Turn the Other Cheek
Sunday in the Park is a short story by Bel Kaufmann and was written in 1985.
The story is about a family enjoying a Sunday in the park but suddenly another boy throws sand at the families 3-year-old. The family tries to stop the other boy but his father encourages him to continue and now there is a conflict between the two fathers.
The family father is called Morton and is a middle-aged man. He is an upper-middle-class educated man and works as a university teacher. He is a nice, city-pale man who rarely ever is angry, and very polite and reads The Times. Morton tries to confront the other boy’s father by pleasantly saying “You’re quite right”…”but just because this is a public place. …” But then he gets interrupted by the other father and Morton immediately gets insecure but he tries to continue speaking politely “Now, just a minute,”…”you must realize. …” but again he gets interrupted by the other father and this time Morton rises but so does the other father and he is both bigger and stronger than Morton. Morton gets very pale and thinks for a moment on what to do and decides to leave the park.
Morton leaves the park and avoids a possible fight. He leaves the fight maybe because he is an educated man who does not fight and it is not the right thing to do but probably mostly because he feels that he would have lost the fight. Morton is both physically weaker and also weaker in the sense that he can not talk his way out of the situation, which could make him mad since he is an educated man who should be able to win an argument against a more stupid man. The other man takes Morton’s best defense from him, his words.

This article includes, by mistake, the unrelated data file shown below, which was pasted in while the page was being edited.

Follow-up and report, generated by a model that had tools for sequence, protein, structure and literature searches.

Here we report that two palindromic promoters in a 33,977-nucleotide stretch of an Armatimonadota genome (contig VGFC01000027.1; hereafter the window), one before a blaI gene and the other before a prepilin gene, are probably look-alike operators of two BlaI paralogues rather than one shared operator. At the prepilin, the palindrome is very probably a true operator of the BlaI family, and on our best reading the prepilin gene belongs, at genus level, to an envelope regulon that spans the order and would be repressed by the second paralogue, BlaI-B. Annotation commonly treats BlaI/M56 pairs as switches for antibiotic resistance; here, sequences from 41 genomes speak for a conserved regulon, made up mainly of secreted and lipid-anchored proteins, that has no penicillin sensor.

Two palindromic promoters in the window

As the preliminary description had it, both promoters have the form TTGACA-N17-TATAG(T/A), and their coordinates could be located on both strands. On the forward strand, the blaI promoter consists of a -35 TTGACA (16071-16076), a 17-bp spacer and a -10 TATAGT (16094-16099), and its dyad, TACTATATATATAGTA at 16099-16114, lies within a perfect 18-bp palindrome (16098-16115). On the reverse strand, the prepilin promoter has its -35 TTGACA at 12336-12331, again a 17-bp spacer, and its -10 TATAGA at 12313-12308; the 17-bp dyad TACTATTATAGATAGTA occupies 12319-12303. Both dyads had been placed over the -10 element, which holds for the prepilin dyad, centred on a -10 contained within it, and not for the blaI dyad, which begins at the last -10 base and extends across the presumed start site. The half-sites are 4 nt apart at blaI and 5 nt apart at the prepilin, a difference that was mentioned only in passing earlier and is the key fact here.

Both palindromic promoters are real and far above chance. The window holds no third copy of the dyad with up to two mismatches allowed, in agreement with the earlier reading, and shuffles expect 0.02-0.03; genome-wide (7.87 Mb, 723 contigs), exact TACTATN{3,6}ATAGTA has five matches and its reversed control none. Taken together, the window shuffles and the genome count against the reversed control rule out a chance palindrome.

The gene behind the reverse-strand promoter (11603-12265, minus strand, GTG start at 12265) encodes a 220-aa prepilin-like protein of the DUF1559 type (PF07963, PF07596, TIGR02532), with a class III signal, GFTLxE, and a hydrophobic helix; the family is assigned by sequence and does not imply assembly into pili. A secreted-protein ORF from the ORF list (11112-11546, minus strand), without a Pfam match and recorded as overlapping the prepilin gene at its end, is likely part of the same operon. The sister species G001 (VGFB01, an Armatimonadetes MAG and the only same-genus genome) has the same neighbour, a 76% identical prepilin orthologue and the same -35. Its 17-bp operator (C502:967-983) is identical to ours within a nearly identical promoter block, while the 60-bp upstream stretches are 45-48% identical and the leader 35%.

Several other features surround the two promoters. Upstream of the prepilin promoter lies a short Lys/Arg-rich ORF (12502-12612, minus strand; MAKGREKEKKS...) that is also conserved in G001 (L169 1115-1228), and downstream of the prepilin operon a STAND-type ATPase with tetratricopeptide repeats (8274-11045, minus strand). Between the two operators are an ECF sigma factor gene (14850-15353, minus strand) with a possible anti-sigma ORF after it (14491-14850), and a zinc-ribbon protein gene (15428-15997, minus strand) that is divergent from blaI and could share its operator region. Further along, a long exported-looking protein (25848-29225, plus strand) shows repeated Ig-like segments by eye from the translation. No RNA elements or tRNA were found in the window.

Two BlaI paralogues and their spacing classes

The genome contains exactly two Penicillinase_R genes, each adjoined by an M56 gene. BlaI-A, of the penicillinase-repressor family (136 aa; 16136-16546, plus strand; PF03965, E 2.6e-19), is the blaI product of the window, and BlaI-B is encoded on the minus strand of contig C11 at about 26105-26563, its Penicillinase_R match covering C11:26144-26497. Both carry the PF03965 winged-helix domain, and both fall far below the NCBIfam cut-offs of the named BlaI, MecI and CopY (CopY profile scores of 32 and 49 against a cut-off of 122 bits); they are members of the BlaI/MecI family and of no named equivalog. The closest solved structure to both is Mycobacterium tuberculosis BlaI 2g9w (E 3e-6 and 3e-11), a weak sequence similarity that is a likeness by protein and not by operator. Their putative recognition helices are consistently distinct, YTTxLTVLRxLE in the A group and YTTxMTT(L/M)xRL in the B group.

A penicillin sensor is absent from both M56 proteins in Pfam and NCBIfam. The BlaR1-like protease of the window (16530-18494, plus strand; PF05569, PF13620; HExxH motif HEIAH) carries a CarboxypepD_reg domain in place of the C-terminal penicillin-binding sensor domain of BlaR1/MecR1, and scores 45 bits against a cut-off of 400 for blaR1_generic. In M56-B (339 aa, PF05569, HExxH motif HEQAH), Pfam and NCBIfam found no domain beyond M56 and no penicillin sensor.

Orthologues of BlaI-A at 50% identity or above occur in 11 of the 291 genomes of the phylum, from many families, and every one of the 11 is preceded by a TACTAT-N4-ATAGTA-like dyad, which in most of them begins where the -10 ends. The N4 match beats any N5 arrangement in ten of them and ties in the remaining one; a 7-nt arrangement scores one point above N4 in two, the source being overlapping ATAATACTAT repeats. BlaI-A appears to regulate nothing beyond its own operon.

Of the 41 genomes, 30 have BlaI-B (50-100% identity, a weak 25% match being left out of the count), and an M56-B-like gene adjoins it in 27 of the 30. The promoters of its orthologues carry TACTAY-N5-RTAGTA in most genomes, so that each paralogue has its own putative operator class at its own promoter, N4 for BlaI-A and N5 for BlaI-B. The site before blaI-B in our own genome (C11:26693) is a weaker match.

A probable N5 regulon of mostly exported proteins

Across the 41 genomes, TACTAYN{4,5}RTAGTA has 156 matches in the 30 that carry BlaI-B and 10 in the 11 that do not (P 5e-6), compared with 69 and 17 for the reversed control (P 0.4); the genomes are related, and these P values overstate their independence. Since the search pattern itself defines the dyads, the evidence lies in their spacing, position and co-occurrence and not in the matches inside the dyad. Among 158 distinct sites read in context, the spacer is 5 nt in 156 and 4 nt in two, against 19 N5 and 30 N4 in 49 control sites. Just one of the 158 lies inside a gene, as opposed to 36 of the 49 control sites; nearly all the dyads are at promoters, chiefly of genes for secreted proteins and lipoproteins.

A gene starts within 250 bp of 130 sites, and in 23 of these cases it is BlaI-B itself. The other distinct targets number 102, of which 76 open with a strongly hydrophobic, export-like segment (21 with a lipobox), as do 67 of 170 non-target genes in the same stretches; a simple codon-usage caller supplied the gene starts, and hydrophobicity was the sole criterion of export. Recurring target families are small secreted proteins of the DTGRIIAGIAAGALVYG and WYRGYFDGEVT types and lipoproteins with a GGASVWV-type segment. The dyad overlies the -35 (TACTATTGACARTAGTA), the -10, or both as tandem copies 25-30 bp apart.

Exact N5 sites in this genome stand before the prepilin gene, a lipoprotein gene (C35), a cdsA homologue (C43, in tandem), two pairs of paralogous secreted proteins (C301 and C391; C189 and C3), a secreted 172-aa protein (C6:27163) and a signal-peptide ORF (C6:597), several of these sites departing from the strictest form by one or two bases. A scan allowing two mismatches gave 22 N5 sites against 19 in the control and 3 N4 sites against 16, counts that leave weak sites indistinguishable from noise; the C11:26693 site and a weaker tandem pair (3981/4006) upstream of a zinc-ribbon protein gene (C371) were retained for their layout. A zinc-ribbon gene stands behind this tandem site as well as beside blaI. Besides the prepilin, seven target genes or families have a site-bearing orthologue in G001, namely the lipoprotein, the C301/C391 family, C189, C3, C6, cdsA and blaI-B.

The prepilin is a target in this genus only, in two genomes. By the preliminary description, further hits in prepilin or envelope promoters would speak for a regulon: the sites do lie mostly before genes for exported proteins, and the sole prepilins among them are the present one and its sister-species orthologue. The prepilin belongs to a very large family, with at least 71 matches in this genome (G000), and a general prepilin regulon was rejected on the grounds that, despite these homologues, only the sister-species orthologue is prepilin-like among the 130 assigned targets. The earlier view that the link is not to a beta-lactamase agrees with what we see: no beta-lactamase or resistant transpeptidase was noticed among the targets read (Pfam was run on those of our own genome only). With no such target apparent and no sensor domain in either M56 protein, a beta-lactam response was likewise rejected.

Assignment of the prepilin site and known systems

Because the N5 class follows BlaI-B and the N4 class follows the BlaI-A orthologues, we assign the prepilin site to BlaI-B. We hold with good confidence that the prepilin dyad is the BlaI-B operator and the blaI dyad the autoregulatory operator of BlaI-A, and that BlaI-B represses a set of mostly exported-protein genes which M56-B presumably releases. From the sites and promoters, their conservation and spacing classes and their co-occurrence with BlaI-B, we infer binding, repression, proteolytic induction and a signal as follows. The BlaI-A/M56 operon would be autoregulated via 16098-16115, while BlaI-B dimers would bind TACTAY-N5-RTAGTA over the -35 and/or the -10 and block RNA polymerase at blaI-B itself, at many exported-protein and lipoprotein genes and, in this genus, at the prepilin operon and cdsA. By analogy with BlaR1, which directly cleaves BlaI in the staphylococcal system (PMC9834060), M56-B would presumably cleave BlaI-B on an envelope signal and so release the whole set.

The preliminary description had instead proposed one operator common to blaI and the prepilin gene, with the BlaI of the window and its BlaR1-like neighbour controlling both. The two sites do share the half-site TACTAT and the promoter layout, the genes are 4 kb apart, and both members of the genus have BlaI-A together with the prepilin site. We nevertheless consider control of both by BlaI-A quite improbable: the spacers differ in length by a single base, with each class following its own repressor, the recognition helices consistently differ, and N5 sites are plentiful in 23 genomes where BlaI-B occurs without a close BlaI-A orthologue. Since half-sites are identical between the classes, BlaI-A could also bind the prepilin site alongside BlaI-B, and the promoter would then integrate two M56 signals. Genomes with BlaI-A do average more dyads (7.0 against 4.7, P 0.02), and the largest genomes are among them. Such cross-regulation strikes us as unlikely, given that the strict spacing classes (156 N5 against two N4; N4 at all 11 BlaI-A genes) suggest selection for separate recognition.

The other fathers name we do not know but he is also a middle-aged man. He is a working class probably not educated and we do not know his profession. He is described as a big, rude and impolite, ignorant, he spits and reads comic books. When the conflict between him and Morton arises he seems very eager to make it a bigger conflict and fight Morton because he knows that he is bigger and stronger. Every time Morton tries to speak politely to him he is very hostile and answers with an ignorant response as in “You go right ahead
Joe,”…”Throw all you want. This here is a public sandbox.” when Morton’s wife says that other boy, Joe, must not throw sand. Even tough it probably, especially since it is children is true I would not say that it is a legitimate argument.
The mothers reaction is interesting. She is filled with rage against the other man becausehe puts Morton in a situation he is not used to be in, “. “She was suffused with tenderness for her husband and an impotent rage against the man for involving him in a situation so alien and distasteful to him.”. In this quote we really see how distant this situation is from Morton’s regular life.we also see how his wife reacts to his attempts to solve the conflict. We also see what his wife thinks about his attempts to solve the conflict, she is suffused with a tenderness for her husband. It seems as if she is a bit embarrassed by Morton but yet she understands why he does not know how to handle the situation. The other man seems delighted that the situation is getting more tense as if he really wants a fight.